“Rather than engaging in a ‘race to the bottom’ with cash incentives, the Project Execution Team presented a cohesive, comprehensive and compelling narrative that focuses on the built-in incentives of operating in and around the Vancouver region,” reads the release.
“This value proposition includes a highly competitive business environment featuring significant cost savings related to office real estate, health care, tax rates and labour.”
The bid is regional:
Suitable sites for such a development in Burnaby, New Westminster, Richmond, and Surrey – in addition to the primary Vancouver options – were included in the bid.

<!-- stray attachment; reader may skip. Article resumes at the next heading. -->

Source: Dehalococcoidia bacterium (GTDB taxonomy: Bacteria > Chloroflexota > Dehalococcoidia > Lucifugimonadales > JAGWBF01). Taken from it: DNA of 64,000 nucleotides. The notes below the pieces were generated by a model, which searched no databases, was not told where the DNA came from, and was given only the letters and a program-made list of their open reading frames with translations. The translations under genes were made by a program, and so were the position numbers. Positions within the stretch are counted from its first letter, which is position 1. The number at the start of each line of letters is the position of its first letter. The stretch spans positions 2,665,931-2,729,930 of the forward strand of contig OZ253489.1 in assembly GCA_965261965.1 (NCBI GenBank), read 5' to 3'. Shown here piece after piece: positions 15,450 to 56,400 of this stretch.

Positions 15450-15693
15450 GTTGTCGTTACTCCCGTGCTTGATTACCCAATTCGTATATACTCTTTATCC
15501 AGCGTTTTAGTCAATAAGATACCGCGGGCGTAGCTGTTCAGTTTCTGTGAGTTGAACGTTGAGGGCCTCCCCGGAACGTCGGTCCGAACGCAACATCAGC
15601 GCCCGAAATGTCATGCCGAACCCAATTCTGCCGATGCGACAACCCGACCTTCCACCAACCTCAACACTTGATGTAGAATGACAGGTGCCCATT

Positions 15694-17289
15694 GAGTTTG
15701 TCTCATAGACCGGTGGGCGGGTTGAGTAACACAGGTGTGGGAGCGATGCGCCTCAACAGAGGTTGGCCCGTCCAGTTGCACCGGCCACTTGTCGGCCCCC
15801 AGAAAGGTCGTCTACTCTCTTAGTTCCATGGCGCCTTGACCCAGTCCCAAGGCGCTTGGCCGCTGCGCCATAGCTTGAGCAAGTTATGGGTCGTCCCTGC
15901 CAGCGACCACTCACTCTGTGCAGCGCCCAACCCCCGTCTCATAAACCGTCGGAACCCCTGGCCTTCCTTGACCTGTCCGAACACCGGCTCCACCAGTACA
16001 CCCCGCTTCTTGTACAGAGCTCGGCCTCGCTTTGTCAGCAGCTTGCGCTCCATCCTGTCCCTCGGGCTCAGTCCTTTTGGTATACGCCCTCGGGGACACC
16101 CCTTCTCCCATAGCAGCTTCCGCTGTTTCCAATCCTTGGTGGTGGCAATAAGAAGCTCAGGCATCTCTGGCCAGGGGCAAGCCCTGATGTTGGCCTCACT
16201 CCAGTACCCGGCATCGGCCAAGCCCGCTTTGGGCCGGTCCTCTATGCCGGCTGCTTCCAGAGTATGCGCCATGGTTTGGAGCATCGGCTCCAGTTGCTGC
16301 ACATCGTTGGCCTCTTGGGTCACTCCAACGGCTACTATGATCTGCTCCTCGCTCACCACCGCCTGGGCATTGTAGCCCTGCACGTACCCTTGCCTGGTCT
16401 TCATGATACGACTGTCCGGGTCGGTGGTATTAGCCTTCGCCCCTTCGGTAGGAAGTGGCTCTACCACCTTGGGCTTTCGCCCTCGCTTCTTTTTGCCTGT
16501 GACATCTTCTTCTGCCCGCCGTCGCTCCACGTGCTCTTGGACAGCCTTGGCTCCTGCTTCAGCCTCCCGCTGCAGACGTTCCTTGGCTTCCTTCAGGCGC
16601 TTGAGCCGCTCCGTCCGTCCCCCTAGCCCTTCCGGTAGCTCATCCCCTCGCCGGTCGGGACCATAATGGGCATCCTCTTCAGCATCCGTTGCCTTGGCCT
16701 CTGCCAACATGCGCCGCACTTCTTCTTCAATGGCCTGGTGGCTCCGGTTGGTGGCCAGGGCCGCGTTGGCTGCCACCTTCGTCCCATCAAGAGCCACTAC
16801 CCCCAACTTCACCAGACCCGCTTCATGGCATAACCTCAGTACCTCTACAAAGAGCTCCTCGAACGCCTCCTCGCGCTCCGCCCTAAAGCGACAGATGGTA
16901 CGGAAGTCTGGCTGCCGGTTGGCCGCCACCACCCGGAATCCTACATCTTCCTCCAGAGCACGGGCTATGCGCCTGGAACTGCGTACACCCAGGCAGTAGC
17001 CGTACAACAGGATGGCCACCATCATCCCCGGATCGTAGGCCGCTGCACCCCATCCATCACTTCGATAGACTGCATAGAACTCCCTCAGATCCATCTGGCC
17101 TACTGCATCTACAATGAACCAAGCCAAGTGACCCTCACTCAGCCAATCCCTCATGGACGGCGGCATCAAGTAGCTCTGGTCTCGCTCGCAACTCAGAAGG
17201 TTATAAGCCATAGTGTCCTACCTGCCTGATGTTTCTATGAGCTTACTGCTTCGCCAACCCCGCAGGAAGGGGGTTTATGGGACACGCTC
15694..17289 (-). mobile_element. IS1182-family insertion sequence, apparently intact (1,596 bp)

…. Other stakeholders in the bid include the City of Richmond, City of New Westminster, District of North Vancouver, City of Port Moody, BCIT, SFU, UBC, UVIC, Research Universities Council of BC, TransLink, BC HYDRO, BC Tech Association, Air Canada, Vancouver International Airport, Harbour Air, TELUS, and Shaw Communications.
The focus is on people:
Likely this is a major focus behind Amazon’s proposal in the first place — put HQ2 where the people are. After all, an HQ is people, and good ones are hard to find. Whether the quantity of suitable senior managers and hi-tech people will be available for both Amazon and Metro’s growing tech sector is quite another question, as highlighted by the BCTech Association in THIS 2016 report.
The bid emphasizes that Metro Vancouver’s post-secondary institutions are “world class in their capacity to deliver graduates required by our technology sector.”